A commenter remarked once that I seem to be a little severe on writers. Full marks for perceptiveness.
Let me tell you what it was like for copy editors in the medieval mists of a quarter-century and more ago. Copy editors worked mainly at night, when the important people had gone home. They worked weekends and holidays. The good that they did in correcting errors was invisible; merciful Lord help them if they inserted an error. And they were objects of scorn.
Reporters would casually say that copy editors took a text and "ran it through the dull machine." One retiring senior journalist spoke of the time when his job was to file whatever he had to say, as long as he took to say it, and the paper's job was to get it all in print without interference from the copy desk. The Sun had a managing editor who routinely referred to the copy desk as "a necessary evil." One of our star reporters once called me a liar to my face in front of the newsroom, without any consequences.
I'm Scotch-Irish, and you can expect a grudge to be held while there is still a pulse. So yes, I get a little sharp about writers and their pretensions.
Not all of them. I used to have occasion to edit the copy of Jules Witcover and Jack Germond, and they were pros. Their copy came in clean in the first place; and when they called in with updates, they knew exactly what they wanted to say and exactly where in the text it could be smoothly inserted. I used to edit Diana Sugg's copy, some of which won a Pulitzer prize, and she was unfailingly cooperative and collegial. Not invariably, but frequently enough to support a generalization, the best writers were also most cooperative with the copy editors. The ones who had difficulty with the copy desk tended to be the ones most in need of editing.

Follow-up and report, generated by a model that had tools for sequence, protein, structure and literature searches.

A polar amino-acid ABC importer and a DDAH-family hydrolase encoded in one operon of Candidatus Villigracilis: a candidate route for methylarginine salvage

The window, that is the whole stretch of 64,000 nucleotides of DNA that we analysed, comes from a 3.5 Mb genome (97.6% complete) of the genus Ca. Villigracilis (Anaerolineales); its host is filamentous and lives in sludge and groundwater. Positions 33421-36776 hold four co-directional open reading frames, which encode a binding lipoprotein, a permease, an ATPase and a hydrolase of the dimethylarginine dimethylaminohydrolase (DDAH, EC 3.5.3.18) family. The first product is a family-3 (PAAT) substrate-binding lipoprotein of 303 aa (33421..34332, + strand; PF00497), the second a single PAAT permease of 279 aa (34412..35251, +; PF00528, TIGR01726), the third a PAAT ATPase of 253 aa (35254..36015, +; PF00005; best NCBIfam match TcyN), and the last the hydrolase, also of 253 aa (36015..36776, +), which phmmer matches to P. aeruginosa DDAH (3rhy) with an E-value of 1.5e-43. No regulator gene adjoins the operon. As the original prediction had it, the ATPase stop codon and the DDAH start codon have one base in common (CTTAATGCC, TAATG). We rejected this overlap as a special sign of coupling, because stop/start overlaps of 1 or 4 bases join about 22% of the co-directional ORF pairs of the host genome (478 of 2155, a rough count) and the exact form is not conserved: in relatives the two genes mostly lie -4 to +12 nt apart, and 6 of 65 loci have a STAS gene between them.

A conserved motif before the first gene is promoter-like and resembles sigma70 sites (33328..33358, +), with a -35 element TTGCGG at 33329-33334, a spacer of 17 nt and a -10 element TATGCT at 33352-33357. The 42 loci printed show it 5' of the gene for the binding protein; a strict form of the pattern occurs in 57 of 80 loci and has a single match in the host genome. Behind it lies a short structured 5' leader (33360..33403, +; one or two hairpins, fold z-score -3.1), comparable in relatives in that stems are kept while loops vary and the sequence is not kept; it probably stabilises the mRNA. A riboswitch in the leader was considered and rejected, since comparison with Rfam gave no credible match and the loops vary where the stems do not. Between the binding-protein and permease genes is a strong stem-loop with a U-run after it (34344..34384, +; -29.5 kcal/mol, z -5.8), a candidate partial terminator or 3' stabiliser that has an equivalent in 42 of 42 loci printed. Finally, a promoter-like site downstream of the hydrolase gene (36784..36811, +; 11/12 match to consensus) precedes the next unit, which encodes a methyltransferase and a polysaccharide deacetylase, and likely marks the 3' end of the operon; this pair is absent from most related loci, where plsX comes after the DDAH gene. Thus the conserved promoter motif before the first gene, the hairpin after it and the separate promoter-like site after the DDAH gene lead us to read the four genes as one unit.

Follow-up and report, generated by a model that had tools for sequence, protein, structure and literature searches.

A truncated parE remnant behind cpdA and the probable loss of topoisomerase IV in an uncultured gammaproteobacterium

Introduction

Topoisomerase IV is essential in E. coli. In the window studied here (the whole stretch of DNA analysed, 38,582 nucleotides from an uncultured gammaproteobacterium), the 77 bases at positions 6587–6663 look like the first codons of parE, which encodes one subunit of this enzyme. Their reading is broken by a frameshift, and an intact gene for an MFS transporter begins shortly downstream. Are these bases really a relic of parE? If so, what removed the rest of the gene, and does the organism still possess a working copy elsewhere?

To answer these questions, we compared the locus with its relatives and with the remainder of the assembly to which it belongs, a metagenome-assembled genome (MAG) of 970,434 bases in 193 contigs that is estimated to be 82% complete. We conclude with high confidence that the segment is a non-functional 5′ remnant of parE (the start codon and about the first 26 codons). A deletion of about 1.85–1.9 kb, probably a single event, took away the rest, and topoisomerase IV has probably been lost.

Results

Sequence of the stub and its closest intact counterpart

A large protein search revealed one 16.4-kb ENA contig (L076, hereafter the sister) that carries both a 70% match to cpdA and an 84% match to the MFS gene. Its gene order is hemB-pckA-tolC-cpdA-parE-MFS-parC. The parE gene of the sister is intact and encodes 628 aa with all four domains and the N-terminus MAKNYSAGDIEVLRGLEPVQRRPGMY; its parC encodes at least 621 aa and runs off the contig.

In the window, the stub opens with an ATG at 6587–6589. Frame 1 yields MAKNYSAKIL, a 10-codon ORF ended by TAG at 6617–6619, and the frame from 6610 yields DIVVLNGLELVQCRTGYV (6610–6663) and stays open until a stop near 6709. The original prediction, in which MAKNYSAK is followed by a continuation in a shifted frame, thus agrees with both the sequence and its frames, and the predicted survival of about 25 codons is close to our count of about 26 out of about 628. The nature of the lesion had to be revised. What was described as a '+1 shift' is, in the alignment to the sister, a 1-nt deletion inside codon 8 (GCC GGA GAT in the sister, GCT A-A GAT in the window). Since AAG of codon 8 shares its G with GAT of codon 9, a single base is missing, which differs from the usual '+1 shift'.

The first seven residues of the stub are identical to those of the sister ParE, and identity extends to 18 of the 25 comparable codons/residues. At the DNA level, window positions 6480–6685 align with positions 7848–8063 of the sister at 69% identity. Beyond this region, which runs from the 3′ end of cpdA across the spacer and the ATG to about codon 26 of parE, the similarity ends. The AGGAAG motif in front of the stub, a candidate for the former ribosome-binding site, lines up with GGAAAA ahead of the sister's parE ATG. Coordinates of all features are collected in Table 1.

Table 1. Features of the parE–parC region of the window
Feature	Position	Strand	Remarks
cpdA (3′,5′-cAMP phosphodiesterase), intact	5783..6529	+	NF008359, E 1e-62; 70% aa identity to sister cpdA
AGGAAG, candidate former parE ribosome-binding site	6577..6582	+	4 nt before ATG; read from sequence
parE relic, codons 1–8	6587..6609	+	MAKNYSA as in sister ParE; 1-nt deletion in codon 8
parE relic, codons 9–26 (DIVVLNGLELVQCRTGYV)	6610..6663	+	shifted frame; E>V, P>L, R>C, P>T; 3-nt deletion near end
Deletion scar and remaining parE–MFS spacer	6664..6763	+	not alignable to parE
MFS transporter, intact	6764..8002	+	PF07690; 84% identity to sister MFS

Then there came a brief shining moment when newspapers were fat and sassy enough to think, well, they could even afford to give copy editors a little respect. This coincided with the foundation of the American Copy Editors Society in 1997. (At the Louisville ACES conference in 2002, Merv Aubespin, who had been instrumental in the founding of the society, said that though he had never worked as a copy editor himself, he had a great concern for copy editors "because of my sympathy for oppressed peoples everywhere.") That was a time when major newspapers named assistant managing editors for their copy desks, to coordinate and strengthen the desks' efforts.
Pretty much all gone now. Nearly all the A.M.E.s and most of the copy editors. (So are most of the prima donnas, actually.) Now the humblest reporters have achieved the status once reserved for stars: to have their copy published unedited.
The writers who disparaged the copy desk used to talk as if the desk was the only obstacle to an efflorescence of English prose not seen since the England of the first Elizabeth. I have a question: Where's all the spun gold?